- Food landscapes
- Ecosystem services
- Response diversity
- Functional diversity
- Complex social-ecological systems
- Plant ecology
Cibele Queiroz works with food landscapes resilience and has also a research coordinating role in the Wallenberg research exchange programme
The main focus of Queiroz’ research is food landscapes, the management of ecosystem services and biodiversity, and their resilience over time.
Additionally, Queiroz has a research coordination role in a scientific exchange programme between the Stockholm Resilience Centre and Stanford University, funded by the Swedish Marianne and Marcus Wallenberg Foundation.
As a postdoctoral researcher, Queiroz worked with the assessment of bundles of ecosystem services using social-ecological indicators for assessing multiple services in the Norrström basin and in Kristianstad Vattenriket in Sweden. During her Ph.D studies, she studied the abandonment of farming practices and how different indicators such as species richness, functional diversity and ecosystem services respond to such abandonment trends in mountain areas in Northwest Portugal. Furthermore, she reviewed and assessed impacts of abandonment on biodiversity in a global context.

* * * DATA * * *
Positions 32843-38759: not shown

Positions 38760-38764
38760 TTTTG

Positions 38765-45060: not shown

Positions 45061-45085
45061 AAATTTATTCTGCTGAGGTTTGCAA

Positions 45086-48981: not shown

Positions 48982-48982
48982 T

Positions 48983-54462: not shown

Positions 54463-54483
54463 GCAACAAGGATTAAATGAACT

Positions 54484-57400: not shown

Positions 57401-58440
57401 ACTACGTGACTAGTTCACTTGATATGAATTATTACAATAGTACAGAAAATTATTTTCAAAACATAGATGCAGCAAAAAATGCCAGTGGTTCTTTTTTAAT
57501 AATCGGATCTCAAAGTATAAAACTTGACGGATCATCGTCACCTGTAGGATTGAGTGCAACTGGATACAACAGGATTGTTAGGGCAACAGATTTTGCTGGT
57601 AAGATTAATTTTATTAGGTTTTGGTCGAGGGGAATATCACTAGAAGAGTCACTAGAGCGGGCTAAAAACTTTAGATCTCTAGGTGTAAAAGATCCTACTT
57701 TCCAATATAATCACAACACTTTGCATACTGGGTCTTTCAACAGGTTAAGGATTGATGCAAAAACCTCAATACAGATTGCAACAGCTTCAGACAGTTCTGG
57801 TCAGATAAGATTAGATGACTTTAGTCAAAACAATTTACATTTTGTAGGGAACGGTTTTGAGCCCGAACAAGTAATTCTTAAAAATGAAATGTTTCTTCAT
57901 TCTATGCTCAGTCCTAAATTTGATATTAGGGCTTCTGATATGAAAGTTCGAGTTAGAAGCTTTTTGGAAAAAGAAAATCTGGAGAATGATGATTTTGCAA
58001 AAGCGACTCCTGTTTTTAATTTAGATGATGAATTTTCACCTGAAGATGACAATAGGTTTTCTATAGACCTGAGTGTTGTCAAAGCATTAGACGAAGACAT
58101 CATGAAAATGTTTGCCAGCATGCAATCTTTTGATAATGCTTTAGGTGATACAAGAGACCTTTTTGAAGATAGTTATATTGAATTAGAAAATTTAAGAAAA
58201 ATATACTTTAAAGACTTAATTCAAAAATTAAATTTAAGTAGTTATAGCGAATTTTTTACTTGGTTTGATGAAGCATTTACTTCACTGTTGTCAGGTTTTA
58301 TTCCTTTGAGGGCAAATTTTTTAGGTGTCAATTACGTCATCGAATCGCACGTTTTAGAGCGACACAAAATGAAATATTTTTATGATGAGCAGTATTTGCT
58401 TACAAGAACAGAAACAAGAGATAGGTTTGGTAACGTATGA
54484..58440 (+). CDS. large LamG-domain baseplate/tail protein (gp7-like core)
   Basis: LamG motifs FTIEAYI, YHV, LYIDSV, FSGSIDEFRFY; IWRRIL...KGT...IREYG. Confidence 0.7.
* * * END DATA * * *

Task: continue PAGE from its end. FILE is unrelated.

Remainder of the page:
Queiroz is a member of PECS (Program for Ecosystem Change and the Society) and has also been actively involved in the Millennium Ecosystem Assessment, where she co-authored several chapters. She collaborates with the NatCap project group, Stanford University, and the EAT platform. Additionally, she is involved in several other international projects.
News articles with Queiroz, Cibele
Research news | 2020-10-19
How to make ecosystem services assessments informative and feasible
New study shows how to engage with stakeholders in order for a science-based assessment to have an impact
Research news | 2020-09-08
Worried about food security? Keep landscapes multifunctional
Why diversity is the key to resilient and sustainable farming
Research news | 2020-03-09
Global food system vulnerable from reliance on fewer exporting countries
The world is enjoying a richer diet but most countries increasingly depend on food imports. That should worry many of them
Research news | 2019-02-26
Stockholm Resilience Centre joins Natural Capital Project partnership
Will deepen international collaboration on resilience research and natural capital approaches